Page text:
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Tenancies in Common

     Tenancies in common were originally designed to allow unrelated people to purchase an interest in otherwise unaffordable real property, such as homes in the San Francisco Bay Area, which they would hold in common with others. These traditional tenancies in common pose many problems. For example, if any one tenant in common fails to pay the mortgage, or property taxes, the others must make up the difference, or risk going into default. In addition, all decisions affecting the property, including repairs, must be agreed upon by all of the tenants in common.  

      In 2002, the Internal Revenue Service issued a ruling which indicated that tenancy in common interests in commercial property could qualify as a direct interest in real property, for purposes of Section 1031 tax-deferred exchanges. A Section 1031 tax-deferred exchange allows a seller of real property which is used for business purposes to avoid paying capital gains taxes, if the proceeds from the sale are used to purchase other commercial real property. After this IRS ruling was made, the flood-gates opened. Investors were solicited to use section 1031 tax-deferred exchanges to purchase tenancy in common interests in commercial properties, such as office buildings and shopping centers, which are professionally managed. These tenancy in common interests create numerous potential pitfalls, in addition to the problems associated with traditional tenancies in common. For example, the tenancy in common interests are illiquid. That means that if an investor wants to sell that interest, for any reason, they cannot do so. Another problem with these tenancy in common interests is that they are very high risk investments. Many of the commercial properties for which these interests were sold have large mortgages and/or other extensive debt. They are dependent upon rental income to service their debt. As the commercial real estate market has collapsed, so have many of the tenancy in common investments. They are unable to pay their creditors, and the buildings have gone into foreclosure. Many people have lost their entire investment. To make matters worse, the potential losses are not limited to the amount invested. Instead, each tenant in common is responsible for paying his or her proportionate share of the debt. The foreclosures may also have significant adverse tax implications for the investors.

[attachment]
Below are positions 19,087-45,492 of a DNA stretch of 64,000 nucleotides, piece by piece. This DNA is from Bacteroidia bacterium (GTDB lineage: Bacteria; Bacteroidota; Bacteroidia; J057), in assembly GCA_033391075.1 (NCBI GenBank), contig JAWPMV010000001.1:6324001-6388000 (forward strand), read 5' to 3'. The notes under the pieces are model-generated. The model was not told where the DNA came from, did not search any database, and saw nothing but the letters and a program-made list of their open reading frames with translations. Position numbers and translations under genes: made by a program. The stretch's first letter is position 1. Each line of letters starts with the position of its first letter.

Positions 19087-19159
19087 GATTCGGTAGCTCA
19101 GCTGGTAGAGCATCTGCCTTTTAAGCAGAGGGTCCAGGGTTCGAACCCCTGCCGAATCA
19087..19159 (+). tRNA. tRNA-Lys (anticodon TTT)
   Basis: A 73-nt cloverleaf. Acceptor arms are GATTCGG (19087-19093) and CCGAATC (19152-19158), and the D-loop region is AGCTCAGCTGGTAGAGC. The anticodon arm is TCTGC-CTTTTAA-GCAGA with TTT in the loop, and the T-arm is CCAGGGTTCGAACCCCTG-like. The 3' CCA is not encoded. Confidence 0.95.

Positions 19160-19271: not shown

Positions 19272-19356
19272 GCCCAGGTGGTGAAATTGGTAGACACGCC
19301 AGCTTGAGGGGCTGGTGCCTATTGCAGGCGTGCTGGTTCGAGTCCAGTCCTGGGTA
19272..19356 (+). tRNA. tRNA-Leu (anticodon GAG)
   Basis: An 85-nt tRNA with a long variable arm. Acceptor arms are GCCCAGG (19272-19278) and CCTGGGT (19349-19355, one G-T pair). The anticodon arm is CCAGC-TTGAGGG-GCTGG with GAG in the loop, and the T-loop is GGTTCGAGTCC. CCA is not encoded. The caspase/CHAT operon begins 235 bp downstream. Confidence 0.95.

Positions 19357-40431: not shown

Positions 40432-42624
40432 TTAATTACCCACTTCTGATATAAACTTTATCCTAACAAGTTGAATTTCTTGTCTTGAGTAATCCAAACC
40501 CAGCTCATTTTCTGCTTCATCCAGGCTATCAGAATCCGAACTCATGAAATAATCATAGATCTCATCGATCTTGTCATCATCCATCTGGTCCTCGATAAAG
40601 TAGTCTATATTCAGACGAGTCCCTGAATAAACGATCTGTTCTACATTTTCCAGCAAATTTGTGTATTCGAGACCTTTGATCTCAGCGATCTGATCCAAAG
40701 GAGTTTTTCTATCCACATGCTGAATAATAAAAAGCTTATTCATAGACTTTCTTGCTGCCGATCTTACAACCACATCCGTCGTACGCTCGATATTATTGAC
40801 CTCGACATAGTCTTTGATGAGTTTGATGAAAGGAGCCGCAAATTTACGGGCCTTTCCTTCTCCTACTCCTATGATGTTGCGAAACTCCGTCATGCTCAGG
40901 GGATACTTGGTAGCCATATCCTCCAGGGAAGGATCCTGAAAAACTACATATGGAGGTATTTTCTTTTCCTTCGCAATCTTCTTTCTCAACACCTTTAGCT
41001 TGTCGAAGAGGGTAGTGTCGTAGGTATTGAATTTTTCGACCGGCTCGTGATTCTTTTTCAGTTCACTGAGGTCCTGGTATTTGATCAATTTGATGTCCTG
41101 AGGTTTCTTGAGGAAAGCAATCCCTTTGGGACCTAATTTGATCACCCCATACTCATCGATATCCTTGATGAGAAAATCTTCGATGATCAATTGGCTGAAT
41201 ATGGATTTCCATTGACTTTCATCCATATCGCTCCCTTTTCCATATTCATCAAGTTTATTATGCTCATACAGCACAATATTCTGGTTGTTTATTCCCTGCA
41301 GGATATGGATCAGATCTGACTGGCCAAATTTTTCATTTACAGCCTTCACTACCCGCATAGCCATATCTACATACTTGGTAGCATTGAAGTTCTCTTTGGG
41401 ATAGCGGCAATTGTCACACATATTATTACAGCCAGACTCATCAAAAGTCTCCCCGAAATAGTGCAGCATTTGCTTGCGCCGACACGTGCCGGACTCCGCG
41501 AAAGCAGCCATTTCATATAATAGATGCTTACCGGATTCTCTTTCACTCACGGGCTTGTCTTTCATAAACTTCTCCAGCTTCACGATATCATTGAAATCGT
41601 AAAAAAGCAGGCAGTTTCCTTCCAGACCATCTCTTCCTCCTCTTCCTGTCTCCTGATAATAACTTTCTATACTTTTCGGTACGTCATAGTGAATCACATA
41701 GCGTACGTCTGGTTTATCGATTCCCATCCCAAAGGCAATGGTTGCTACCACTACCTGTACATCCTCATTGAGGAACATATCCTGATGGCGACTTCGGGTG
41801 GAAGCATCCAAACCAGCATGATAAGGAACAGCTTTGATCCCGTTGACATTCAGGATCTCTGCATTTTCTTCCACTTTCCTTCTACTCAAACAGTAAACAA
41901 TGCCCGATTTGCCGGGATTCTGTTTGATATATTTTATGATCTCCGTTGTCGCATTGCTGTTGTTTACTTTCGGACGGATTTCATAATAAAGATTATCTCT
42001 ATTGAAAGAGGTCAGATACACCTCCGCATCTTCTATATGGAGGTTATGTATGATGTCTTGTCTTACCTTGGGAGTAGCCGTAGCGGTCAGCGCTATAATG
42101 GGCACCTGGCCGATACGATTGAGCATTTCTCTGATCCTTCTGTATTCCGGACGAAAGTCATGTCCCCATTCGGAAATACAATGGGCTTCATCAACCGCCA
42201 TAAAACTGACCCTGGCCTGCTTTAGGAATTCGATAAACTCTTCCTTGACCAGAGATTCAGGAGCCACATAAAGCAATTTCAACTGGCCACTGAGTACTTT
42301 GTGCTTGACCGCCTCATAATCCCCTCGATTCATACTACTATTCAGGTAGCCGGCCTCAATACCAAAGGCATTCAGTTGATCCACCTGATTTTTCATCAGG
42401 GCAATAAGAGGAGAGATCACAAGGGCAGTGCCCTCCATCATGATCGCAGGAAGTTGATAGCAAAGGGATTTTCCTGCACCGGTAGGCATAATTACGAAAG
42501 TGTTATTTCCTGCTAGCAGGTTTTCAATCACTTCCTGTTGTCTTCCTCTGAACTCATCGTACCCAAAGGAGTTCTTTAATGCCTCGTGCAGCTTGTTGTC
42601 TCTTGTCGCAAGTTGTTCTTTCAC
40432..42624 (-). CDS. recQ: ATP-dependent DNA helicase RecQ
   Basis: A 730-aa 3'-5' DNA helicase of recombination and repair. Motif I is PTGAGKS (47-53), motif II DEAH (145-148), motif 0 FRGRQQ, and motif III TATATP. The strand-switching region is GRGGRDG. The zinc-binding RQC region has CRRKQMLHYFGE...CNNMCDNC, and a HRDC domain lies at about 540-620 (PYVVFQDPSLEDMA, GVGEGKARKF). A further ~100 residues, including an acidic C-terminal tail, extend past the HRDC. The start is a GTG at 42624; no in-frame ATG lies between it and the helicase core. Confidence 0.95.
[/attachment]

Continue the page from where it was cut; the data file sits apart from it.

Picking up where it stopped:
A tenancy in common interest in commercial property, such as the ones described above, is an investment. The person who solicits that investment has a duty to disclose all material information, to ensure that you understand the investment, and to only recommend it to you if it is appropriate for your age, income, risk tolerance, needs and investment goals. If you were sold a tenancy in common investment, which you believe was not appropriate for you, you may wish to contact an attorney. The Law Office of Melinda Jane Steuer offers free consultations.  

​​TOPIC 2:
Variable Annuities

Variable annuities are a hybrid of an insurance product and an investment, that are issued by insurance companies. They offer tax deferral, and certain insurance features, but their value is tied to the performance of the underlying investment portfolios.  

There are numerous potential drawbacks to variable annuities.  

 When you buy a variable annuity, you cannot withdraw more than 10 percent of your money each year, without paying severe penalties. This is particularly problematic for seniors and retirees who are on a fixed income and may require access to their invested funds in the event of an emergency.